BY TEQUILA MINSKY
Under a clear and sunny sky with an autumn chill, a special Rosh Hashanah Tashlich took place at the Hudson River at 43rd Street with members, partners and friends of Lab/Shul, a Jewish congregation that is among other things an experimental community for sacred Jewish gatherings.
The High Holiday tradition of Tashlich is the symbolic shedding of transgressions—part of Rosh Hashanah observance. The casting out in the form of breadcrumbs are thrown into a body of water— it’s about a clean start for the New Year. This is the Hebrew New Year 5781.
Before cruising past the Statue of Liberty, Lab/Shul gathered at Pier 83 for a brief ceremony, a reading of Emma Lazarus’ sonnet embedded in the Statue’s pedestal and a sounding of the shofar, which has religious symbolism and is a wake-up. The well-known poem, The New Colossus, begins: Give me your tired your poor, your huddled masses yearning to be free.
Rabbi Amichai Lau-Lavi and board member Craig Kanarik, who is also CEO of the Circle Line, talked about the difficulty of celebrating a High Holy Day season without anyone being able to be in the same physical space as each other.
“The impact of COVID-19 has been severe on everyone, and the High Holidays is usually a time when people come together in a community — sometimes the only time of year they are part of a Jewish community,” Kanarik said.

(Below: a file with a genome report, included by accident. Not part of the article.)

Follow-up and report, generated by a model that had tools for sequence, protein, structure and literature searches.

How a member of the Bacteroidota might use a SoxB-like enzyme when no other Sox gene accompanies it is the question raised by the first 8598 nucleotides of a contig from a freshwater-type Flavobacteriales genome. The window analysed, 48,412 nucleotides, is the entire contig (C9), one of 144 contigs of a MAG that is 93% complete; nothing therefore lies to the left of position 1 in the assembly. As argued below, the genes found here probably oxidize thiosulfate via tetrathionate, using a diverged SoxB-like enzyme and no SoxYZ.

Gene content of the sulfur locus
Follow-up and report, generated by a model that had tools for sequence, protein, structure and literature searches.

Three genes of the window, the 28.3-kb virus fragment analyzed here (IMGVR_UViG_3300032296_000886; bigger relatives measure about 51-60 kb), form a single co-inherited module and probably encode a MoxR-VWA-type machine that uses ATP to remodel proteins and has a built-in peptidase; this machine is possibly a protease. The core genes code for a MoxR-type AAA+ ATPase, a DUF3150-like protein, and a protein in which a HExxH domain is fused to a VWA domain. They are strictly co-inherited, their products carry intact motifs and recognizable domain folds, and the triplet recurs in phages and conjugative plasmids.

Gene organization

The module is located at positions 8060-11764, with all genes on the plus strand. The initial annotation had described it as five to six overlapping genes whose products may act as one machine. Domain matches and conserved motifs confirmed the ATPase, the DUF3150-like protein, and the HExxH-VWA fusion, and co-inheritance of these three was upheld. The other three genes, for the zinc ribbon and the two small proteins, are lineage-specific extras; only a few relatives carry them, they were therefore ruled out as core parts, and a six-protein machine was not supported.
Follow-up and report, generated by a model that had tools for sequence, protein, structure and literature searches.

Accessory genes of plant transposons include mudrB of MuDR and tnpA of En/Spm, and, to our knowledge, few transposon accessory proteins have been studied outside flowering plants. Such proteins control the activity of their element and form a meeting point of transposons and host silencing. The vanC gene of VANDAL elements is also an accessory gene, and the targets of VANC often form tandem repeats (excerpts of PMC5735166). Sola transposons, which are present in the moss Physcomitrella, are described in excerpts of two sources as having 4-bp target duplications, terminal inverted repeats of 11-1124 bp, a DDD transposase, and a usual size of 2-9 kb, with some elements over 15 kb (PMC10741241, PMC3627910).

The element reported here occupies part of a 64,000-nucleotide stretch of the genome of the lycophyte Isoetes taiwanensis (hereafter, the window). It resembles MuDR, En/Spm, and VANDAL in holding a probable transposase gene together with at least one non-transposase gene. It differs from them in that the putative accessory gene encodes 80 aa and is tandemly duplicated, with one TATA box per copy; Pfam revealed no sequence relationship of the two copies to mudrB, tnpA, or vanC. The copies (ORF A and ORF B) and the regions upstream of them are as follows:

“We talked more about the impact of social justice and the fact that our boats sail by the Statue of Liberty,” he added, and mentioned the possibility of doing something outdoors on the Circle Line vessels.
They surmised, “It would be particularly poignant if Tashlich took place by Lady Liberty.”
And so the cruise became a part of Lab/Shul’s High Holiday celebration.
As almost 100 people gathered on the pier, congregation members held hand-made signs reading: Welcome.
Janee Graver of Lab/Shul’s Immigrant Task Force explains that a number from the congregation volunteer as conversation partners in the Riverside Language Program, which provides free English language instruction for documented, recently-arrived immigrants asylees and refugee adults. Forty-five language students joined Lab/Shul as invited guests.
Graver says, “Judaism teaches us to welcome the stranger, as we were once strangers in a strange land.”
In his welcome remarks, Israeli-born Rabbi Lau-Lavi explained that when he first came to the U.S., he spoke no English and had to learn the language.
This year’s Tashlich—seeing friends in person—was particularly rewarding; it had been five months of only seeing Lab/Shul participants on Zoom. The ritual took place as the cruise passed the Statue.
Over 300 watched Rosh Hashanah services streamed live from the Lab/Shul portal. Others accessed the Lab/Shul Facebook page or YouTube channel to watch.
Lab/Shul’s team of eight musicians (guitar, percussion, violin, flute and vocals) and religious officiates provide an engaging, unusual with tradition High Holiday service.
Beginning Sunday night, Yom Kippur services broadcast from the Hudson Valley City Winery will be similarly available.